UM Model United Nations ranked 14th in the country

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While many UMiami students are focused on the basketball team’s recent rise to the top, another team on campus dominates their competition.

Prior to the COVID-19 pandemic, the UM Model United Nations (MUN) team was ranked 19th in the country, now the team has climbed up to 14th in the country. Their improved ranking comes after their success at their last conference at Boston University, the first in-person conference since the pandemic.

The MUN team celebrates the end of training on Friday, March 25, 2022. Photo credit: Alex Terr

“It felt so good to win and finally go to a conference,” said Amir Mahmoud, a political science and journalism student who has been a member of MUN since his freshman year. “There were some organizational issues but it was still amazing.”

Model UN is an organization where the delegates of each team represent certain countries and exchange ideas to find solutions to the problems posed.

Team rankings are determined by the rewards each team earns in their MUN conferences.

Conferences consist of members being assigned a delegate of a nation to the United Nations, learning its history and acting diplomatically in resolving a conflict where rewards are won by ensuring that their ideas are at the center of discussions during conversations with other members.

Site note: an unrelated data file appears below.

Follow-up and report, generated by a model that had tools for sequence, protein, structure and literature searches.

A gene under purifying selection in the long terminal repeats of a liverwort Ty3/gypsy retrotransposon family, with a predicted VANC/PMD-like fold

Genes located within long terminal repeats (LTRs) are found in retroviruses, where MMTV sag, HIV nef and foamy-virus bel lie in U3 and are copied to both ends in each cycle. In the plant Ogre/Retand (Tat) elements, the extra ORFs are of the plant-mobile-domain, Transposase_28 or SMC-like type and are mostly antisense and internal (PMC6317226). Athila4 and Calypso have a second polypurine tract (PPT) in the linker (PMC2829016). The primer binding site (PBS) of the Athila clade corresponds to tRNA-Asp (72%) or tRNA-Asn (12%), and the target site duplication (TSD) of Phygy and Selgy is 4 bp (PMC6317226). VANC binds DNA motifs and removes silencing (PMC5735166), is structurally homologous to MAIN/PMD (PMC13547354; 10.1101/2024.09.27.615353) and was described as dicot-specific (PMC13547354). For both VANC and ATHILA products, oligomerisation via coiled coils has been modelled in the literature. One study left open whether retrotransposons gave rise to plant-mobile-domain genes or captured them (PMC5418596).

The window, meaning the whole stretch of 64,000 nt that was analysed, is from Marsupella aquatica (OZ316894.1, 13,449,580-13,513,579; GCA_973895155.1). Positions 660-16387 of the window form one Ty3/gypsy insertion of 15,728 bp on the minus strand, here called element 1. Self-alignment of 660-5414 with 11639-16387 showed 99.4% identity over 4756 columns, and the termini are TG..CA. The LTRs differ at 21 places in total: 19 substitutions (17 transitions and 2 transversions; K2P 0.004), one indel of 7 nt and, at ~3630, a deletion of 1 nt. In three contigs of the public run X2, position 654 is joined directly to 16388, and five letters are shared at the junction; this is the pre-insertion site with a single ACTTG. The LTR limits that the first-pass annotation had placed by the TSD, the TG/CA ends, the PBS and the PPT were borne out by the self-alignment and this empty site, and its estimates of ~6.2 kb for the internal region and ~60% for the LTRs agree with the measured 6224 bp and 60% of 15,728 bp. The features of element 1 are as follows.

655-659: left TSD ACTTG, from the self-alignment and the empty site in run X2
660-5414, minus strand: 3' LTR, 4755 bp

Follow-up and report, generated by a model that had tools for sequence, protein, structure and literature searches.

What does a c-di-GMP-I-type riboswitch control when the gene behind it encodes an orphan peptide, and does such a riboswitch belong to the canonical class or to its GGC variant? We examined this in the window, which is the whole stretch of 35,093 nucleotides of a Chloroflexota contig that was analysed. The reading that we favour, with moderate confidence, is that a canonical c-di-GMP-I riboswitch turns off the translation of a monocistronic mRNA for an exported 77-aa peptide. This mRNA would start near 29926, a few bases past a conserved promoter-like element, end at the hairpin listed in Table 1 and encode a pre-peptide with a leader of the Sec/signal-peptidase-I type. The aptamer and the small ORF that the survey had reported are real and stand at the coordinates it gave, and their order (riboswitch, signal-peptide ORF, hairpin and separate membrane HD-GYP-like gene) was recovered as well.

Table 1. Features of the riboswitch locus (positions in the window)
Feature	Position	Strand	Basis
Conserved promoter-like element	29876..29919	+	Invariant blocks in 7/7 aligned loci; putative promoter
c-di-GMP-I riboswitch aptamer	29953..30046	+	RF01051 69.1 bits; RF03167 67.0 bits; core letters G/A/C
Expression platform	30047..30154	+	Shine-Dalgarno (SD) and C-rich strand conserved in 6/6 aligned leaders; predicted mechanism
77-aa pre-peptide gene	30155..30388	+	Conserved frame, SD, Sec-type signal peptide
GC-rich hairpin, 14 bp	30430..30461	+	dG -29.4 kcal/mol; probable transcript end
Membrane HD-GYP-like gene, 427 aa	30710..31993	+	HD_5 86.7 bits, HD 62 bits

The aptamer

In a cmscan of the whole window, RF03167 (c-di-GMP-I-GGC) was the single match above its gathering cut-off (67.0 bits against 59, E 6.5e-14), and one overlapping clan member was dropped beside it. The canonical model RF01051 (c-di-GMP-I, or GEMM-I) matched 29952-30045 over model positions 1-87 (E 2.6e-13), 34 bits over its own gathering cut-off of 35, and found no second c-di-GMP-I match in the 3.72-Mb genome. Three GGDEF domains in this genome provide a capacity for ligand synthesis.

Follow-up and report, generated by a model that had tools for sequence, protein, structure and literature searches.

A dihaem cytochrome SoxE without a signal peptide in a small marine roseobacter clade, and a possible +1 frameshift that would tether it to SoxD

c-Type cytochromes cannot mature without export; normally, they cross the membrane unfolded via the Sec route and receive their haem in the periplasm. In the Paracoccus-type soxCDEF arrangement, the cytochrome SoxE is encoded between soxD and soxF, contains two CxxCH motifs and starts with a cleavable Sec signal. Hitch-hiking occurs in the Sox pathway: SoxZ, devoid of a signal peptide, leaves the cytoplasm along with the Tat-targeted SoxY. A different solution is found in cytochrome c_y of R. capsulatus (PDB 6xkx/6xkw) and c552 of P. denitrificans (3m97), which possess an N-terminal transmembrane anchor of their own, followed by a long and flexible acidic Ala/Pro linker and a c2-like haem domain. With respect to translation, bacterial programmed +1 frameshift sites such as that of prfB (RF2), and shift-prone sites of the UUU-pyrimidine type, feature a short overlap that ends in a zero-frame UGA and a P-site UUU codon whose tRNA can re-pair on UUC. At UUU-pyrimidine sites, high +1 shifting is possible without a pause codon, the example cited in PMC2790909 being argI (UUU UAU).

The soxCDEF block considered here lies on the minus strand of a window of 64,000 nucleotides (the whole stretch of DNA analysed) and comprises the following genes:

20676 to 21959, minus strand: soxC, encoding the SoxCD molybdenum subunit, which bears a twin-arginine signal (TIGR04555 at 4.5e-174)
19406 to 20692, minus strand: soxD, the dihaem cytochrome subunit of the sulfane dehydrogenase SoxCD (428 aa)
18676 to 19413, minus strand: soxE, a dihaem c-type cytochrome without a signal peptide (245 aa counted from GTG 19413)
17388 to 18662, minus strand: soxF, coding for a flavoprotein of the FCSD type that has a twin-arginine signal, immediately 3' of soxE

For each prize won, they receive a point which goes into their ranking.

“Funding is always an issue for us,” Mahmoud said. “We can’t attend every conference like other schools go, which makes our ranking even more special.”

One of the keys to success is consistent practice that happens weekly. An activity they do at practice, called telephoning, helps members think critically and retain information in a short amount of time, a skill needed to be in MUN.

“The game is about trying to explain information on the spot,” said MUN co-chair Juliette Van Heerden, a microbiology and immunology student. “It helps us in lectures to explain a lot of information in a short time.”

This intense practice leads them to anticipate success in their future lectures this semester. Co-chairman Ishaan Chatterjee, a senior microbiology and immunology student, has big ambitions for the rest of the season.

“We want to be in the top ten by the end of the year.” Chatterjee said. “That would be the best way out.”

Heerden attributed the team’s success to its camaraderie compared to others across the country. Apart from practices, they organize team dinners to create better chemistry.

“When we go to conferences, other schools see us and are shocked at how close we are,” Heerden said. “They know when Miami shows up.”


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